Virtual Network Service
Why a Virtual Network Service?
A virtual network allows resources to communicate with other resources. The other resources may be within the same virtual network, but could also be on-premise or on the internet. All cloud resources need a virtual network, which makes a virtual network service essential.
A virtual network service provides virtual networks to application teams.
A virtual network service has two inputs:
a cloud tenant for the virtual network
an IP address range, often in CIDR notation, which can either be provided by a Network Engineer or automatically by an IP address management tool (IPAM)
A virtual network service creates the virtual network in the cloud tenant. If necessary it registers the IP address range in the organization's IP address management tool (IPAM) thus taking the burden away from application teams.
Given the security implications, networking services must be provided centrally for most Landing Zones. The virtual network service forms the basis for the networking offering.
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Proven Patterns When Implementing Virtual Network Services
Implement a Hub & Spoke Approach
Defining a central hub with e.g. configured access to on-prem network is a very common approach for a scalable network architecture. If Cloud Tenants (e.g. Azure Subscriptions) need access to On-Prem, a Spoke network is deployed into the tenant and connects it to the Hub.
Organizations should strive to make applications go full cloud-native on networking (L7, APIs) or provide strongly centralized services (L3 networking like on-premise).
Embrace Cloud Paradigm Shift
On-premise used L3 connectivity and often no authN/Z on the application layer. The cloud moves this to L7. Network zones are the most difficult to implement as they have a lot of shared responsibilities and interfaces.
Shift Your View on Networking
On-premise networks are mostly flat, whereas in the cloud we can do micro-segmentation and networks become very hierarchical with application teams having a lot of autonomy over their subnets
Provide It as a Landing Zone Module
Virtual network services can be modules for Modular Landing Zones (see Modular Landing Zones).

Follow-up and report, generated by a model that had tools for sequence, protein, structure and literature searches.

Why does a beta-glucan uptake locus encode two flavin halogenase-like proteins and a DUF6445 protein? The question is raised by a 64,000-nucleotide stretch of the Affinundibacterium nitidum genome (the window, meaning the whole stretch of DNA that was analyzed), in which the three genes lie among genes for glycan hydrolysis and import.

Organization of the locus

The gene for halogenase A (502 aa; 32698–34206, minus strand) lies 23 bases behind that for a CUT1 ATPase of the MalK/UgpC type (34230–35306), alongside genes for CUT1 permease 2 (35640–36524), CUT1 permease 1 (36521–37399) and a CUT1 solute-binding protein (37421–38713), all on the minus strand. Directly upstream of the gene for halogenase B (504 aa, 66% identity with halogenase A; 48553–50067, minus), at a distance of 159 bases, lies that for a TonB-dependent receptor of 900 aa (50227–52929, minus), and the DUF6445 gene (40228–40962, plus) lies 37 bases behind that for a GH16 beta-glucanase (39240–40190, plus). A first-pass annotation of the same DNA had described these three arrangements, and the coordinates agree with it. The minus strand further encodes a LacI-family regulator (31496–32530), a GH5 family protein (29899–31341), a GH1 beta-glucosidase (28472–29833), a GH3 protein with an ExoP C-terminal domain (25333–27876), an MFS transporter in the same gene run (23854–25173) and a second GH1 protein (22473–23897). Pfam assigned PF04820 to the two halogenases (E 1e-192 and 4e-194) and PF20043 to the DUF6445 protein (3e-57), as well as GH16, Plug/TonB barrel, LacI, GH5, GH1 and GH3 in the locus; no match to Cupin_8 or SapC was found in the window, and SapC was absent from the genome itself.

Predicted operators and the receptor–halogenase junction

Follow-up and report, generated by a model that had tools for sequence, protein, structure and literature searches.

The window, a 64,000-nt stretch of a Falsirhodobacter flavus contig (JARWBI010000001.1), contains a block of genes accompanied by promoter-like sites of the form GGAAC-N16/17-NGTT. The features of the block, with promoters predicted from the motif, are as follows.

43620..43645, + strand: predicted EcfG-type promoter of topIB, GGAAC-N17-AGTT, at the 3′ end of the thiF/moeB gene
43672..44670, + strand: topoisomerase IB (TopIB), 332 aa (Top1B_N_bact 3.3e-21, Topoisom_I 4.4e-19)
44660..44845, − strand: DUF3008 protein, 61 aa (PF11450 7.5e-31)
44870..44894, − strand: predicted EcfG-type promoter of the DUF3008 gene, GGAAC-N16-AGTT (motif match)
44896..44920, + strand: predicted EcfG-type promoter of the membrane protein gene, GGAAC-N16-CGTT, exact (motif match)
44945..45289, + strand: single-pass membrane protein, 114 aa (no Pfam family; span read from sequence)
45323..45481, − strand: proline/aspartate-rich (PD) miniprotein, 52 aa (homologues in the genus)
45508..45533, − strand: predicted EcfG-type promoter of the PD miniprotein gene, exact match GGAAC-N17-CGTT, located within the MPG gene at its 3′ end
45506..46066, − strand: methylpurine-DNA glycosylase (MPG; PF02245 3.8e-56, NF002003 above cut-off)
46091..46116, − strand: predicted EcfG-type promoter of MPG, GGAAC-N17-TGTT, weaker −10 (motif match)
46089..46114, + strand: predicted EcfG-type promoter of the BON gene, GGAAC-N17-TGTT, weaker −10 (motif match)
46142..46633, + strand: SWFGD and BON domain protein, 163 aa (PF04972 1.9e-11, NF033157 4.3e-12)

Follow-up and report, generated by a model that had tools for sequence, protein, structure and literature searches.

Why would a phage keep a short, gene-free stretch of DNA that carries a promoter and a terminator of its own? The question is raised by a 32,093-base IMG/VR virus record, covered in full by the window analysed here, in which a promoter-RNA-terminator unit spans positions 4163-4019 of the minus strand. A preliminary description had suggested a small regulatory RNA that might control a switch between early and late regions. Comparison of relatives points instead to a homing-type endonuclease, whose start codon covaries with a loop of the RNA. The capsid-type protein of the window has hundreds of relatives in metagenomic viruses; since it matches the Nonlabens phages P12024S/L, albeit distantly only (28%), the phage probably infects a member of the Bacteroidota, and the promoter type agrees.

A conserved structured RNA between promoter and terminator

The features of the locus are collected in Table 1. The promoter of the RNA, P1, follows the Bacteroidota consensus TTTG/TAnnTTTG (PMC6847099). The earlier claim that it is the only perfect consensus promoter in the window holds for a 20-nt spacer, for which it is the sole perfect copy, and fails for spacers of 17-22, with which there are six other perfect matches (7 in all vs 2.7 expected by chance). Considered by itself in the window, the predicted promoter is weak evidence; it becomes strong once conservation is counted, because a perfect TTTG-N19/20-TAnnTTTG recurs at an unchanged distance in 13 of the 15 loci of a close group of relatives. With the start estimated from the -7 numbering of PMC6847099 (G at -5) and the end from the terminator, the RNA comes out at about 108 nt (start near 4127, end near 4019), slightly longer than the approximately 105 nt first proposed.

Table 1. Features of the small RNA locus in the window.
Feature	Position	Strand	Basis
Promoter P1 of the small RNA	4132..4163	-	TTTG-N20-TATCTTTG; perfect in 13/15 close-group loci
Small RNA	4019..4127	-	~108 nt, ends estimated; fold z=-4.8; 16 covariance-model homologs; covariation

Make It Compatible with Adjacent Services
Virtual networks are most useful in combination with
External IP addresses
Most applications need to connect to resources outside the virtual network than their own. The following services need a virtual network as input:
Utilizing a Hub and Spoke architecture is a very common choice when working with Networks. Hub and Spoke can be used to allow traffic between multiple resources. It can connect Virtual Networks to each other or to your On-Premise Networks. Here are the basic steps to create a Hub and Spoke Network
Create a Hub Virtual Network that contains services that will be shared across all Spoke Networks. Each Spoke Network will be peered to the Hub by a Gateway connection.
Create Spoke Virtual Networks or gather information about your On-Premise networks. Make sure none of the networks are sharing the same CIDR address ranges.
Create a connection to allow traffic between a Spoke Network (VNet or On-Premise) and the Hub. Create Route Tables for each Spoke to direct traffic. This will allow traffic to securely flow between Spokes as needed.
The Hub Network can hold resources that can be shared and accessed by the Spoke Networks. Some things that your Hub can handle are gateways to securely connect networks, central location of logs for each Spoke, diagnostics to analyze and alert on events in the logs, load balancers, configuration metadata and a central Firewall to apply policies to all Spokes among other things.
Azure has two options for creating a Hub and Spoke Virtual Network Service: Customer-Managed infrastructure components or a Microsoft-Managed infrastructure with Azure VWAN.
Managing your own Hub and Spoke Network provides some benefits including
Overcoming subscription limits
Can be customized to specific team requirements
You can find detailed information about how Azure handles Hub and Spoke network topology here
Here is information on how to create a Customer Managed Hub and Spoke Network
Microsoft-Managed Infrastructure with VWAN
Azure VWAN has benefits as well
Integrated connectivity solutions in Hub and Spoke
Automated Spoke setup and configuration
Security features maintained by team of Microsoft engineers
Here is more information on what VWAN is, how it works and an overview of how to create a Hub and Spoke design with it